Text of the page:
Temporally scalable visual SLAM using a reduced pose
graph
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Citation
Johannsson, Hordur, Michael Kaess, Maurice Fallon, and John
J. Leonard. “Temporally Scalable Visual SLAM Using a Reduced
Pose Graph.” 2013 IEEE International Conference on Robotics
and Automation (May 2013).
As Published
http://dx.doi.org/10.1109/ICRA.2013.6630556
Publisher
Institute of Electrical and Electronics Engineers (IEEE)
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Original manuscript
Accessed
Thu May 26 18:39:13 EDT 2016
Citable Link
http://hdl.handle.net/1721.1/97551
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http://creativecommons.org/licenses/by-nc-sa/4.0/
Temporally Scalable Visual SLAM using a Reduced
Pose Graph
Hordur Johannsson, Michael Kaess, Maurice Fallon and John J. Leonard
Abstract—In this paper, we demonstrate a system for temporally scalable visual SLAM using a reduced pose graph
representation. Unlike previous visual SLAM approaches that
use keyframes, our approach continually uses new measurements
to improve the map, yet achieves efficiency by avoiding adding
redundant frames and not using marginalization to reduce the
graph. To evaluate our approach, we present results using an
online binocular visual SLAM system that uses place recognition
for both robustness and multi-session operation. To allow largescale indoor mapping, our system automatically handles elevator
rides based on accelerometer data. We demonstrate long-term
mapping in a large multi-floor building, using approximately
nine hours of data collected over the course of six months. Our
results illustrate the capability of our visual SLAM system to
scale in size with the area of exploration instead of the time of
exploration.
I. I NTRODUCTION
To achieve long-term robotic autonomy, in complex and
dynamic environments and independent of duration, requires
mapping algorithms which scale solely with the area explored
and not in exploration time. There are many applications for
autonomously navigating mobile robots, such as service, delivery, and search and rescue, in which long-term mapping and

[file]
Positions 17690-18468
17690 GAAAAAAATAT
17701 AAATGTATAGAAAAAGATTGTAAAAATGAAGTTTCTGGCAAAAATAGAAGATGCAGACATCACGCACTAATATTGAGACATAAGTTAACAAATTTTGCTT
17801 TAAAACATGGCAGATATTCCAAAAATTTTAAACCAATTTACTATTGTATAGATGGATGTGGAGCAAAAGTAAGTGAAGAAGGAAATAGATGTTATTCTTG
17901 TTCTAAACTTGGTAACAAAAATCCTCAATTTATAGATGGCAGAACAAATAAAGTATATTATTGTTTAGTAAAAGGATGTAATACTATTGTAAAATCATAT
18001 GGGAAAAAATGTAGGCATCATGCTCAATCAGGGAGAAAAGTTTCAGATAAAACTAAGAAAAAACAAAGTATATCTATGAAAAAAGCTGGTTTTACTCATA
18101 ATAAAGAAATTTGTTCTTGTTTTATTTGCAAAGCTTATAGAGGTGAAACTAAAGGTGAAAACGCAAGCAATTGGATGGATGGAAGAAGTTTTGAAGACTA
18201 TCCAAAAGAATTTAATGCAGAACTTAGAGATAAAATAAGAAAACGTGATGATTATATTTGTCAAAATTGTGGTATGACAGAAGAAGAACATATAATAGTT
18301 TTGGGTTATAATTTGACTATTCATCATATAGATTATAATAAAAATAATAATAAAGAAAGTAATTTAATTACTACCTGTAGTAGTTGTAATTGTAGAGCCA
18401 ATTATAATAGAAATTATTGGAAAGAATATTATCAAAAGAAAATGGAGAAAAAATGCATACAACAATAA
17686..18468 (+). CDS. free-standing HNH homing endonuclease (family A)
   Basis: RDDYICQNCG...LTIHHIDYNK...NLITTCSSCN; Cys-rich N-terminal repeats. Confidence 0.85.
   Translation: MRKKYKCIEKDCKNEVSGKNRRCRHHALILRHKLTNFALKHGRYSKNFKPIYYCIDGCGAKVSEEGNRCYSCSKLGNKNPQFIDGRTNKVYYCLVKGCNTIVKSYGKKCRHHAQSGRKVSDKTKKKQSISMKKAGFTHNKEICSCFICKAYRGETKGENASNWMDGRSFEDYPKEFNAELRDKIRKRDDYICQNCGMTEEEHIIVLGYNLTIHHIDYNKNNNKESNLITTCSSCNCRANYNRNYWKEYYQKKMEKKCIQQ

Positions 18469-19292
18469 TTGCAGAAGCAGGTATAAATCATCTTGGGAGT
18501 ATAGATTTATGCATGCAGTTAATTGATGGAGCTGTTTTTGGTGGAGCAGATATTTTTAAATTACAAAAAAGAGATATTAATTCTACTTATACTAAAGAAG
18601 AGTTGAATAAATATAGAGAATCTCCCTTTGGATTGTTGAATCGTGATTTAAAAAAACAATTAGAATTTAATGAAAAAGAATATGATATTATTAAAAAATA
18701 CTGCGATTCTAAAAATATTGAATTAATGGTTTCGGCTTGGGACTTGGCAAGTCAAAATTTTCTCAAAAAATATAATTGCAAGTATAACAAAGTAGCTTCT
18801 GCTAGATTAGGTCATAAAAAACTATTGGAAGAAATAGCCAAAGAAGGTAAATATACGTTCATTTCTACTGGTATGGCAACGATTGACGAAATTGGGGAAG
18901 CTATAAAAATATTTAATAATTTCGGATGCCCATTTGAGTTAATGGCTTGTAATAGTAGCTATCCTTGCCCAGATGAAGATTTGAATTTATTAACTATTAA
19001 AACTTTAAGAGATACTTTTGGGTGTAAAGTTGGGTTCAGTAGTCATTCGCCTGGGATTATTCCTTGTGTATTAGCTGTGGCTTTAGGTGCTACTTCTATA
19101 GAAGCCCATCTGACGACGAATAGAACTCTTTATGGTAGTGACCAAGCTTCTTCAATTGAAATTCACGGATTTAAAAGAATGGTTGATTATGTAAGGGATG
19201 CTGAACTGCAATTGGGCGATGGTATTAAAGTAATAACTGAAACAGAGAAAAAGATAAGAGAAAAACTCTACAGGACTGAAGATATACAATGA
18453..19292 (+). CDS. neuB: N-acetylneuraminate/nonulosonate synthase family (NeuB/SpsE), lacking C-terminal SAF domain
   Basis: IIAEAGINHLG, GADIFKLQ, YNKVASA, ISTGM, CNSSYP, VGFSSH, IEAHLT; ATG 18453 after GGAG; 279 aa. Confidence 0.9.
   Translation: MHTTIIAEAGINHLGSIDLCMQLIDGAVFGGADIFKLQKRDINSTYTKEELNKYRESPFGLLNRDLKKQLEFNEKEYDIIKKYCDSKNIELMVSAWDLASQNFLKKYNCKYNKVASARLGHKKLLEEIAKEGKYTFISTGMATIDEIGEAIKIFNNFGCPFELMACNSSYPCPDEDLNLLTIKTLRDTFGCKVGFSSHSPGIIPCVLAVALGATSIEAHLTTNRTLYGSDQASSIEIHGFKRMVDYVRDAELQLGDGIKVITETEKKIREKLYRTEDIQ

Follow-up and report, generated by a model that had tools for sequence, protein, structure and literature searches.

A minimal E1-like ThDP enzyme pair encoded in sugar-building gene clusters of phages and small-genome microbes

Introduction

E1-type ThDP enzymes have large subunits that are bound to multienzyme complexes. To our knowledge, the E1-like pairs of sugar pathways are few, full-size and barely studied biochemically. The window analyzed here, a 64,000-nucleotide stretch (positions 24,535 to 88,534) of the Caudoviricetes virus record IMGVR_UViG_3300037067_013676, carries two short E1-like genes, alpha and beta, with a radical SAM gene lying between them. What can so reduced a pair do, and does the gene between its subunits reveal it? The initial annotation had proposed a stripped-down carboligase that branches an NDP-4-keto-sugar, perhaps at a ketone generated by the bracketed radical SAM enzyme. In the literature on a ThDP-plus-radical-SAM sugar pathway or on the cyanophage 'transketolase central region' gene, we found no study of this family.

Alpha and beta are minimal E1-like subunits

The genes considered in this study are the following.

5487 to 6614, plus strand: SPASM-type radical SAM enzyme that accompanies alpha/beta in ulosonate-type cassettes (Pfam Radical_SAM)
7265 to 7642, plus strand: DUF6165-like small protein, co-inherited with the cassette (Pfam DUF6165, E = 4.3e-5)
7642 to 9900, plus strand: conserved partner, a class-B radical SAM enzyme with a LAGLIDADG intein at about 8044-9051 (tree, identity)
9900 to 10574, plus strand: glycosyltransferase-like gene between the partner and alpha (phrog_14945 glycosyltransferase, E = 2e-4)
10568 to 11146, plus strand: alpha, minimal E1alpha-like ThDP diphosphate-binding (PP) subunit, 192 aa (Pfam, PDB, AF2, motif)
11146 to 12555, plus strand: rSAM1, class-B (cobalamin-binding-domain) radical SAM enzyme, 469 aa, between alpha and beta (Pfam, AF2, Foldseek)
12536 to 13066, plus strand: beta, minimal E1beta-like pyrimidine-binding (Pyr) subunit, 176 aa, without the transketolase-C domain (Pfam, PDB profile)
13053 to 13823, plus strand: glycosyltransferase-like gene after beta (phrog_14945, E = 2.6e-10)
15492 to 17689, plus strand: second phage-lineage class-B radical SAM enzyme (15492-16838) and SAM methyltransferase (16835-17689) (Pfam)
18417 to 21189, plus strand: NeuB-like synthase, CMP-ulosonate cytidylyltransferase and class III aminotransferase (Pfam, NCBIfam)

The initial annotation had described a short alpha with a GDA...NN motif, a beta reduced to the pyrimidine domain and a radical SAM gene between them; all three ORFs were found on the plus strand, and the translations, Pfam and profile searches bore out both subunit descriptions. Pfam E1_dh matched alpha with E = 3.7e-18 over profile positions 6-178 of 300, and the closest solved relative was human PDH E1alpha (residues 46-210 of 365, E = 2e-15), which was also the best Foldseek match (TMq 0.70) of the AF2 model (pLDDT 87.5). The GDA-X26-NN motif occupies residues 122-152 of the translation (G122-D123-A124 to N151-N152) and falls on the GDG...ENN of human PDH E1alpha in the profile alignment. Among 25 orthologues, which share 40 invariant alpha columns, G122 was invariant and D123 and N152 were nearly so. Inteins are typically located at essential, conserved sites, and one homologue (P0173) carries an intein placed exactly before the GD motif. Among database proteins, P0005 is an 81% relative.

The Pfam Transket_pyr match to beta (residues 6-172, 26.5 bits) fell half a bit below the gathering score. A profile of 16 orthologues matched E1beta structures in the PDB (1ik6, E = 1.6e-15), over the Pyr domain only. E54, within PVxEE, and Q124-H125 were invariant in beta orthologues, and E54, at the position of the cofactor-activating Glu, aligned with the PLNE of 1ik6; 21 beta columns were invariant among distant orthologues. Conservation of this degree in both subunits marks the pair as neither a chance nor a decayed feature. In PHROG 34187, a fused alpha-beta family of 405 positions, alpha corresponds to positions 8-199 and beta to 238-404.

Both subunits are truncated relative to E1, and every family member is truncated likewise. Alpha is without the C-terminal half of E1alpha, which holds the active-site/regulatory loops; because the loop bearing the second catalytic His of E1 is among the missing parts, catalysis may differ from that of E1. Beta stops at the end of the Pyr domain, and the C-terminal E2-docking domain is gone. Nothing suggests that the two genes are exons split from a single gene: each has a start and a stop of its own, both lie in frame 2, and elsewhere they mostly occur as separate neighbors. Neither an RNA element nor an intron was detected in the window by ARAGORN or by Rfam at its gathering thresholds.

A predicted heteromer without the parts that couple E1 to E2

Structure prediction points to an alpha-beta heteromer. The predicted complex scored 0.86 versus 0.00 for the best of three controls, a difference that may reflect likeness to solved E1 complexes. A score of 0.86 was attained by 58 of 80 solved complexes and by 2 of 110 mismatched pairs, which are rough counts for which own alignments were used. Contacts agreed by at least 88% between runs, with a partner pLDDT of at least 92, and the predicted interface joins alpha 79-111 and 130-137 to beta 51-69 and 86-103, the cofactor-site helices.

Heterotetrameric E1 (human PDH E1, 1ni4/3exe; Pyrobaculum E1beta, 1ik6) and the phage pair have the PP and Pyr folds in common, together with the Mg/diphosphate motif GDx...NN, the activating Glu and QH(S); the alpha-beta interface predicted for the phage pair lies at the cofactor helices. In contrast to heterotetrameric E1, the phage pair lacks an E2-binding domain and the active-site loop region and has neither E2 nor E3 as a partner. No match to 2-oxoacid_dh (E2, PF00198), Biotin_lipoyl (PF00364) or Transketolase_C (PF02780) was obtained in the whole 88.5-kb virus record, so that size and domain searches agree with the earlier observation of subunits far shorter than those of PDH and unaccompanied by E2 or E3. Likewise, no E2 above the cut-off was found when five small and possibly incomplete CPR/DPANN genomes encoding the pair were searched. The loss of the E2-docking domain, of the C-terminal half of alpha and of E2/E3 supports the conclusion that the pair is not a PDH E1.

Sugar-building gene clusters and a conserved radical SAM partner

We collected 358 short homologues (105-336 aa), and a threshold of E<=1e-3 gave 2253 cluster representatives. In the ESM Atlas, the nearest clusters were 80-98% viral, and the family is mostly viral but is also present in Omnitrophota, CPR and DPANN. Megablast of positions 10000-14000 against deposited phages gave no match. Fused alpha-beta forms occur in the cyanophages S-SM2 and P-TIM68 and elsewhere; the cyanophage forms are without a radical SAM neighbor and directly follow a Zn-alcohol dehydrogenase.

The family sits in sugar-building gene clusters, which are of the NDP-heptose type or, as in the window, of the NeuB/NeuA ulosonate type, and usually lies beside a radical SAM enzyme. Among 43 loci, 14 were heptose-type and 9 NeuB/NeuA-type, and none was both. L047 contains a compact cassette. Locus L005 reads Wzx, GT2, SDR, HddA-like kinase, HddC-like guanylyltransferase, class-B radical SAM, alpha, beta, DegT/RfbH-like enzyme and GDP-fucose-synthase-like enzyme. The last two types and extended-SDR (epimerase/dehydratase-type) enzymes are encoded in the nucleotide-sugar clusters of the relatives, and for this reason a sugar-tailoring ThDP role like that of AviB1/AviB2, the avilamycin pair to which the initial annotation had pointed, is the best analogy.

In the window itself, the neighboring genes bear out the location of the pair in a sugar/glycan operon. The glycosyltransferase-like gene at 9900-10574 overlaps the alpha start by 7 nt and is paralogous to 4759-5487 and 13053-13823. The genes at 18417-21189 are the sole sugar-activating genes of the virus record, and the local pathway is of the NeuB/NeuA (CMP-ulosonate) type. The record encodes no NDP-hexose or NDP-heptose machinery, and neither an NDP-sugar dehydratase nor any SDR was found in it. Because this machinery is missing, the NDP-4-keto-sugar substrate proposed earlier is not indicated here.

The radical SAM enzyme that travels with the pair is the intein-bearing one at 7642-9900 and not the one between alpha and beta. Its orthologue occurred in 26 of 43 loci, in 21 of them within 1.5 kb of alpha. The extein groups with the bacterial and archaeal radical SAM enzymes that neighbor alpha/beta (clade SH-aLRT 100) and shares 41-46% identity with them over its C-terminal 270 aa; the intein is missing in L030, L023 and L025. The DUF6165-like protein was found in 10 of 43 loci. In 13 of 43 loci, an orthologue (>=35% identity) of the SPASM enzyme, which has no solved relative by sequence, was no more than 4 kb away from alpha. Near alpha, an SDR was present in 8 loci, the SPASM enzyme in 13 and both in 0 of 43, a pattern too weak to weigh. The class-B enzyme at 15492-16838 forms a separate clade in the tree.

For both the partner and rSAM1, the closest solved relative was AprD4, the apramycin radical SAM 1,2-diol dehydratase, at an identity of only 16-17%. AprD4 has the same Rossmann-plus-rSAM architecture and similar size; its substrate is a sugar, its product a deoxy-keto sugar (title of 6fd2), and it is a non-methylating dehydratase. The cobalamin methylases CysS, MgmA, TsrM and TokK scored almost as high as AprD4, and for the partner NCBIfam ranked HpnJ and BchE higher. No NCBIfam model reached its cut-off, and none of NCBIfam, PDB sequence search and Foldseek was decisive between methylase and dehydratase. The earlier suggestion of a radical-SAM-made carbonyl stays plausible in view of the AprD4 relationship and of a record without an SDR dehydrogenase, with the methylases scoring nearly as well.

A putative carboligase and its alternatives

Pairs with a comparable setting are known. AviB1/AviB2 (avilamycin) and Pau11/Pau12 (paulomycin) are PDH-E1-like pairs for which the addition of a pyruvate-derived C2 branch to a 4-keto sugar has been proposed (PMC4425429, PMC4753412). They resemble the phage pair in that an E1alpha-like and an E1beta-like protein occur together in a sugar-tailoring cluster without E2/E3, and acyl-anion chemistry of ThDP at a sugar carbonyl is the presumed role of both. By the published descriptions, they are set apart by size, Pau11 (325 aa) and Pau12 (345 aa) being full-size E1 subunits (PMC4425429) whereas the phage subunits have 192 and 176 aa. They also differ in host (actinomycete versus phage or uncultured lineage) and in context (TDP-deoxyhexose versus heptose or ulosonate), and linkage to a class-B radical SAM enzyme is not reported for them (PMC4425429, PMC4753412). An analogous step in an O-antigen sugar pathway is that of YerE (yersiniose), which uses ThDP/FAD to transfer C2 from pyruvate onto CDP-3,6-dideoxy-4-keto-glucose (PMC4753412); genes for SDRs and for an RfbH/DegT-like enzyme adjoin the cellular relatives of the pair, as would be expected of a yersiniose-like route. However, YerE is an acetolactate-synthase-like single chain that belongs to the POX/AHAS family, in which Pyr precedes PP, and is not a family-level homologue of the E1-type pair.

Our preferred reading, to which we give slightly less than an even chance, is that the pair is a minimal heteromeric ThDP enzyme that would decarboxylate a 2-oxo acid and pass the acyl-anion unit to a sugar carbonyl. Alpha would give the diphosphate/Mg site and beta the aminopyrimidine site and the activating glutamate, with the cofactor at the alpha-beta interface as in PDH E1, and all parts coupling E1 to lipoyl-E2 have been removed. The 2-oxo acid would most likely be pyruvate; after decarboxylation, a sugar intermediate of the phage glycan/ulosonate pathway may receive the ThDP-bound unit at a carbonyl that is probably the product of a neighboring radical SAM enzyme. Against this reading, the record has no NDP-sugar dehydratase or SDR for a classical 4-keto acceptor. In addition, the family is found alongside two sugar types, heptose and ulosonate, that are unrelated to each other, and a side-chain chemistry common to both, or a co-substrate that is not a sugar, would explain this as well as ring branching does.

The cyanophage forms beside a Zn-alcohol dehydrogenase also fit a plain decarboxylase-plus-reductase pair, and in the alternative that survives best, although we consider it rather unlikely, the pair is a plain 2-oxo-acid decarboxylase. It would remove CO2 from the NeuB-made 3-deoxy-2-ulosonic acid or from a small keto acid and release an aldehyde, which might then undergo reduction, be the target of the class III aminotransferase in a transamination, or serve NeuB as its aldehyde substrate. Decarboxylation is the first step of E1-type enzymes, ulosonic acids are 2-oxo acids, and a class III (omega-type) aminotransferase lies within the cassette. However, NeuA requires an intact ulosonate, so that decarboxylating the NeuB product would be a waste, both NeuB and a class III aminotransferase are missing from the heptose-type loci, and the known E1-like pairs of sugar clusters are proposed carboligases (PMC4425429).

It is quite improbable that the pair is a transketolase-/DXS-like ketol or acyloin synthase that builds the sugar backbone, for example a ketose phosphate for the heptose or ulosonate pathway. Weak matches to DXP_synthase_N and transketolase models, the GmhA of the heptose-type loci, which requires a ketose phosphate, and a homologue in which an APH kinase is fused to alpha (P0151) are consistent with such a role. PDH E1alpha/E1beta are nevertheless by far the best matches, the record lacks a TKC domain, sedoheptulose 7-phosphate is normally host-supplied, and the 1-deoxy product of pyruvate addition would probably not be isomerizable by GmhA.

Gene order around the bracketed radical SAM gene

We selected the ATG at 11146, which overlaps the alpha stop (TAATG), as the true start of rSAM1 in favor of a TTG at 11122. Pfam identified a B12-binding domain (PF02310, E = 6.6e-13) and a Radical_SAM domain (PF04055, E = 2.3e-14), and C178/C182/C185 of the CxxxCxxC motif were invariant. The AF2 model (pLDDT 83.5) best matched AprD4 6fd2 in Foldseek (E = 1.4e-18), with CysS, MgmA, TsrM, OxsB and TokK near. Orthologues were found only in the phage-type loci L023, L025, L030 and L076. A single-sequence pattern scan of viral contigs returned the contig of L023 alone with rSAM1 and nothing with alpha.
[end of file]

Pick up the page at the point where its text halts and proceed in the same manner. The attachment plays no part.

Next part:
localization operations are critical. To be widely applicable, the
system has to construct a map of its operating environment
using only onboard sensors, and continuously update and
extend this map with new information as the world changes.
Many recent solutions to mapping are based on the pose
graph formulation [18]. In this formulation the world is
represented by a set of discrete poses sampled along the full
trajectory of the robot, which are connected by odometry and
loop closure constraints. Very efficient recursive algorithms
have been presented which can maintain an online solution to
this continuously expanding optimization problem, however
the pose graph, by design, grows unbounded in time as
recognized by Biber and Duckett [1]. This is true even for
small environments which are repeatedly explored, making the
naive application of the pose graph unsuitable for long-term
mapping.
It is desirable to achieve a persistent mapping solution that
scales only in terms of the spatial extent of an environment,
and not the duration of the mission. Additionally, long-term
persistent operation will require the ability to develop compact
representations, which can effectively describe an environment
of interest, yet still provide robustness to changes in the
environment and recovery from mistakes.
The primary contribution of this paper is an approach, called
the reduced pose graph, that addresses the temporal scalability
of traditional pose graphs. For long-term mapping, the size of
the optimization problem should be bounded by the size of
the explored environment and be independent of the operation
time. To achieve this goal, the reduced pose graph reuses
already existing poses in previously mapped areas, keeping
the number of poses bounded by the size of the explored
environment. A key insight is that new measurements can still
be used to further improve the map, by converting them into
constraints between existing poses. The process is fluid, with
new poses being added when new spaces are being explored.
The advantages of the reduced pose graph extend beyond
scalability. Our approach maintains multiple constraints between each pair of poses. While these multiple constraints
could be combined immediately, retaining redundancy allows
for constancy checking and the detection of faulty constraints.
In combination with a robust estimator this can limit the
effect of erroneous constraints on the state estimation. When
consensus is reached over a significant number of constraints,
they can eventually be combined into a single constraint,